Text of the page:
Genetic Risk Factors For Allergies

Allergies are often hereditary. If your parents are affected by allergies, you are more likely to develop an allergy as well. This article will explain how genetic risk factors for allergies come about.

The following are some of the most likely factors influencing the likelihood of a person being affected by allergies.

Allergic Parents

A parent suffering from allergy is likely to transfer the allergy to the son or daughter. But the allergy that the child develops is not always the same one as the parent is suffering from. Therefore, allergies are likely to develop irregularities when passed on from a parent to a child.

Identical Twins

Because of the familial reasons for the way allergies come about, identical twins are more likely to suffer from same allergies than non-identical twins.


When you are young, you are more likely to develop an allergy than when you are a grown up. The likelihood of developing asthma or hay fewer, for instance, is most likely when you are under the age of ten.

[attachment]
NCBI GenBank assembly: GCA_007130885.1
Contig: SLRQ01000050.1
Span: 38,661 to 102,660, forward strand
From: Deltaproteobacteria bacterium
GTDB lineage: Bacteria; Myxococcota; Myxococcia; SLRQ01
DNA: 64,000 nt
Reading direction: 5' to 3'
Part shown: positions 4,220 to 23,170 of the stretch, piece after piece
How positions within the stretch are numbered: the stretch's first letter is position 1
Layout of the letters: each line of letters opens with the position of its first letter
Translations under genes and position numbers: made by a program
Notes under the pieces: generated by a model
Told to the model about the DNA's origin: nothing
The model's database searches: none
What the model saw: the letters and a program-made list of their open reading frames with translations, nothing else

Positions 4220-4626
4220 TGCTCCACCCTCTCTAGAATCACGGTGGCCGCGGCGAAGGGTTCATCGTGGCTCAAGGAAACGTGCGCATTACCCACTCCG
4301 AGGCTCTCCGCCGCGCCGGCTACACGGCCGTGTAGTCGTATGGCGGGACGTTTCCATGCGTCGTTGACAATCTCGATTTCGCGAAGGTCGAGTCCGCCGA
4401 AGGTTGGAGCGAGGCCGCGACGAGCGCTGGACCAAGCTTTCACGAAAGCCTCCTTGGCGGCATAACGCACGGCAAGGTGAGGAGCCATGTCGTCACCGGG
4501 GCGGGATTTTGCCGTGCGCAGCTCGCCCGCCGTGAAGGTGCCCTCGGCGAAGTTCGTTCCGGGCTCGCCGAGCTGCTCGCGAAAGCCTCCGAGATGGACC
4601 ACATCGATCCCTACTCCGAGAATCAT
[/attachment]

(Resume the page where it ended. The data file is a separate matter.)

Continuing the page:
Gender is a factor in how likely it is that an allergy develops. For most allergies, boys are more likely to be affected. However, for some allergies, like asthma, girls are more at risk. Therefore, the risk of developing an allergy varies according to what the allergy is and gender.


Racial background plays a part in the likelihood of developing an allergy. However, it has been difficult to asses precisely what the racial factors affecting the development of allergies are. This is because environmental factors play a large role in the what allergies a person suffers from. Also race factors are difficult to quantify because of migration, which might expose people to a higher risk of an allergy because of the change in environment that the people live in.

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